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The vast unseen! the future fathomless!

Has thy new post betray'd thee into pride? When the great soul buoys up to this high point, That treacherous pride betrays the dignity; Leaving gross Nature's sediments below,

That pride defames humanity, and calls Then, and then only, Adam's offspring quits The being mean, which staffs or strings can raise The sage and hero of the fields and woods, That pride, like hooded hawks, in darkness scars, Asserts his rank, and rises into man.

From blindness bold, and towering to the skies. This is ambition : this is human fire.

'T is born of ignorance, which knows not man; Can parts or place (two bold pretenders !) make An angel's second; nor his second, long. Lorenzo great, and pluck him from the throng? A Nero quitting his imperial throne,

Genius and art, ambition's boasted wings, And courting glory from the tinkling string, Our boast but ill deserve. A feeble aid!

But faintly shadows an immortal soul, Dedalian enginery! If these alone

With empire's self, to pride, or rapture, fir'd. Assist our flight, fame's flight is glory's fall. If nobler motives minister no cure, Heart-merit wanting, mount we ne'er so high, E'en vanity forbids thee to be vain. Our height is but the gibbet of our name.

High worth is elevated place : 't is more; A celebrated wretch, when I behold;

It makes the post stand candidate for thee; When I behold a genius bright, and base,

Makes more than monarchs, makes an honest mas, Of towering talents, and terrestrial aims;

Though no exchequer it commands, 't is wealth; Methinks I see, as thrown from her high sphere, And though it wears no ribband, 't is renown; The glorious fragments of a soul immortal, Renown, that would not quit thee, though disgrac'd With rubbish mix'd, and glittering in the dust. Nor leave thee pendant on a master's smile. Struck at the splendid, melancholy sight,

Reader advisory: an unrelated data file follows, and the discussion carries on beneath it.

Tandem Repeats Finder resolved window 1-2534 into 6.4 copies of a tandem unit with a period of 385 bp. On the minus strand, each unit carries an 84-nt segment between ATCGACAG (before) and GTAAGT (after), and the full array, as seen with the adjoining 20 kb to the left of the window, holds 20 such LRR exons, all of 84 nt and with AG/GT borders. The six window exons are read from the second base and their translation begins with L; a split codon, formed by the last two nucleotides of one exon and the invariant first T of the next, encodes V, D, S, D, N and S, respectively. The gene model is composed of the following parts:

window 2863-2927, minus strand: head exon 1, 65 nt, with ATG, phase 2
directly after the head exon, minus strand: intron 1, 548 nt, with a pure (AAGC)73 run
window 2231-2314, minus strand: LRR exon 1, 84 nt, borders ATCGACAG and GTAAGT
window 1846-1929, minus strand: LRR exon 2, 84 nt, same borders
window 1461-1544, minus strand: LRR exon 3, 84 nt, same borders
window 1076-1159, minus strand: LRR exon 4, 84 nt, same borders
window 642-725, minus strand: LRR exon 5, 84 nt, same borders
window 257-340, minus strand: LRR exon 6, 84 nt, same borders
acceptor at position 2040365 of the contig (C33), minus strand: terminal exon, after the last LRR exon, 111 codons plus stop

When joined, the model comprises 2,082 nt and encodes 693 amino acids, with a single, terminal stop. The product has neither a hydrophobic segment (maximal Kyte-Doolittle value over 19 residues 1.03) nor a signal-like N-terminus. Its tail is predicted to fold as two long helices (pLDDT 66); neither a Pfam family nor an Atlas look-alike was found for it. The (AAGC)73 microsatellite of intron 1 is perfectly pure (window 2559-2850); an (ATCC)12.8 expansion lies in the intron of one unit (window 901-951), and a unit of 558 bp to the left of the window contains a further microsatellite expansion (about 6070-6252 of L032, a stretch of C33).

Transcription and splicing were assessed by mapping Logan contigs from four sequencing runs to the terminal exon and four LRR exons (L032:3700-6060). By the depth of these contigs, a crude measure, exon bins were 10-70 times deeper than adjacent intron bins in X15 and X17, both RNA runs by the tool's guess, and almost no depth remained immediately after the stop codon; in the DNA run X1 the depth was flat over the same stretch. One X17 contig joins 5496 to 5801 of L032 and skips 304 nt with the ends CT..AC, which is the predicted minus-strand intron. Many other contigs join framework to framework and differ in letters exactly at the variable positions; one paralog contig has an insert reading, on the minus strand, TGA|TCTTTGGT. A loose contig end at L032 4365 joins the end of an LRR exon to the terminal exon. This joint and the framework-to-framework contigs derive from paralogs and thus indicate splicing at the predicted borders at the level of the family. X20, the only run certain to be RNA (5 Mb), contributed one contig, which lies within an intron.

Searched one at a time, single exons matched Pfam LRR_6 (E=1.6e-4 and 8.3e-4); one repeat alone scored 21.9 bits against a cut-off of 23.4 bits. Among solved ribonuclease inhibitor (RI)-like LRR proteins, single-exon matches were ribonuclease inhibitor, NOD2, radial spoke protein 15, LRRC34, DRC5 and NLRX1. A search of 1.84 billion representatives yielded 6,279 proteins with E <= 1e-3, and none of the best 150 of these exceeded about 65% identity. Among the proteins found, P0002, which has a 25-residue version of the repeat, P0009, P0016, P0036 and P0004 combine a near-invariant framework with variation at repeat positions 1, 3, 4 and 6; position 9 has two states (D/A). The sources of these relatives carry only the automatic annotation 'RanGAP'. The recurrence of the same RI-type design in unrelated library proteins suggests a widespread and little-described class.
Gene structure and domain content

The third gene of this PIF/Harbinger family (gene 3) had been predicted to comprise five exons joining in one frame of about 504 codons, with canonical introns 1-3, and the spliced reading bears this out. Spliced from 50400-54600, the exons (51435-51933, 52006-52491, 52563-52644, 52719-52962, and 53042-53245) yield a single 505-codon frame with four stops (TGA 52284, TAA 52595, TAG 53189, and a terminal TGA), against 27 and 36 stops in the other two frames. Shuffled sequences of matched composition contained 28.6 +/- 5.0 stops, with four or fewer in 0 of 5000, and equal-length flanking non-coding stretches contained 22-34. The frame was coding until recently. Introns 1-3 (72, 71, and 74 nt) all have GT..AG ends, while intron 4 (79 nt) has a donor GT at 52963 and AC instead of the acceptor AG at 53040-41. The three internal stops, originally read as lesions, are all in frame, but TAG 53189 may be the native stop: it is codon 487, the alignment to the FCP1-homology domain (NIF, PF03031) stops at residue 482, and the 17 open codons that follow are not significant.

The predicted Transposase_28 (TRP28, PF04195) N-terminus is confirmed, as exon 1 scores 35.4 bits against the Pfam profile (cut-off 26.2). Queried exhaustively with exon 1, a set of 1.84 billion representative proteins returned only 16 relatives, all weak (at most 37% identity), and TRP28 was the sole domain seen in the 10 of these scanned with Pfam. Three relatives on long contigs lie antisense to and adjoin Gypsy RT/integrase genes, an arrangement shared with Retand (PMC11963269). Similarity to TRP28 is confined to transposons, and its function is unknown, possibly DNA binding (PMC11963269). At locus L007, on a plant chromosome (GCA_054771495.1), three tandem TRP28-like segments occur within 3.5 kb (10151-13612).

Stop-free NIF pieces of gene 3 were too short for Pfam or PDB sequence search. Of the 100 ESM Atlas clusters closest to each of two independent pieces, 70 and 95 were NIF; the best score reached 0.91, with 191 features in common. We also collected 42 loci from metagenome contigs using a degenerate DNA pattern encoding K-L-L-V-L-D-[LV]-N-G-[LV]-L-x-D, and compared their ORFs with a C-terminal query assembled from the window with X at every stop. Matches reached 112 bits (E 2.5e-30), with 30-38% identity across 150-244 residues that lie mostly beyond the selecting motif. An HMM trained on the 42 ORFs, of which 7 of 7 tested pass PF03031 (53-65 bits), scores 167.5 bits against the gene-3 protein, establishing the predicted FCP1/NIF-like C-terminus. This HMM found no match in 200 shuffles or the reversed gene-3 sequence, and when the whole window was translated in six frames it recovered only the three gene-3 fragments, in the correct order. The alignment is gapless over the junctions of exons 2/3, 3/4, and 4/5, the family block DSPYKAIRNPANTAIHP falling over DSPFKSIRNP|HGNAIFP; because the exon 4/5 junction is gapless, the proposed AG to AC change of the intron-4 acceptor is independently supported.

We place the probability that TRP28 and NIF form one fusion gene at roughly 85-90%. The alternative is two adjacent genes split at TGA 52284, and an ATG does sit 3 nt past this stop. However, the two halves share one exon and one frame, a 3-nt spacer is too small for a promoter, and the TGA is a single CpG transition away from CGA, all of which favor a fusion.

Other ambition Naturc interdicts; At once compassion soft, and envy, rise –

Nature proclaims it most absurd in man, But wherefore envy? Talents, angel-bright, By pointing at his origin, and end; If wanting worth, are shining instruments Milk, and a swathe, at first, his whole demand; In false ambition's hand, to finish faults

His whole domain, at last, a turf, or stone; Illustrious, and give infamy renown.

To whom, between, a world may seem too small. Great ill is an achierement of great powers Souls truly great dart forward on the wing Plain sense but rarely leads us far astray.

Of just ambition, to the grand result:
Reason the means, affections choose our end; The curtains fall : there, see the buskin'd chief
Means have no merit, if our end amiss.

Unshod behind this momentary scene;
If wrong our hearts, our heads are right in vain; Reduc'd to his own stature, low or high,
What is a Pelham's head, to Pelham's heart? As vice or virtue, sinks him, or sublimes;
Hearts are proprietors of all applause.

And laugh at this fantastic mummery,
Right ends, and means, make wisdom: worldly-wise This antic prelude of grotesque events,
Is but half-witted, at its highest praise.

Where dwarfs are often stilted, and betray Let genius then despair to make thee great ; A littleness of soul by worlds o'er-run, Nor flatter station What is station high?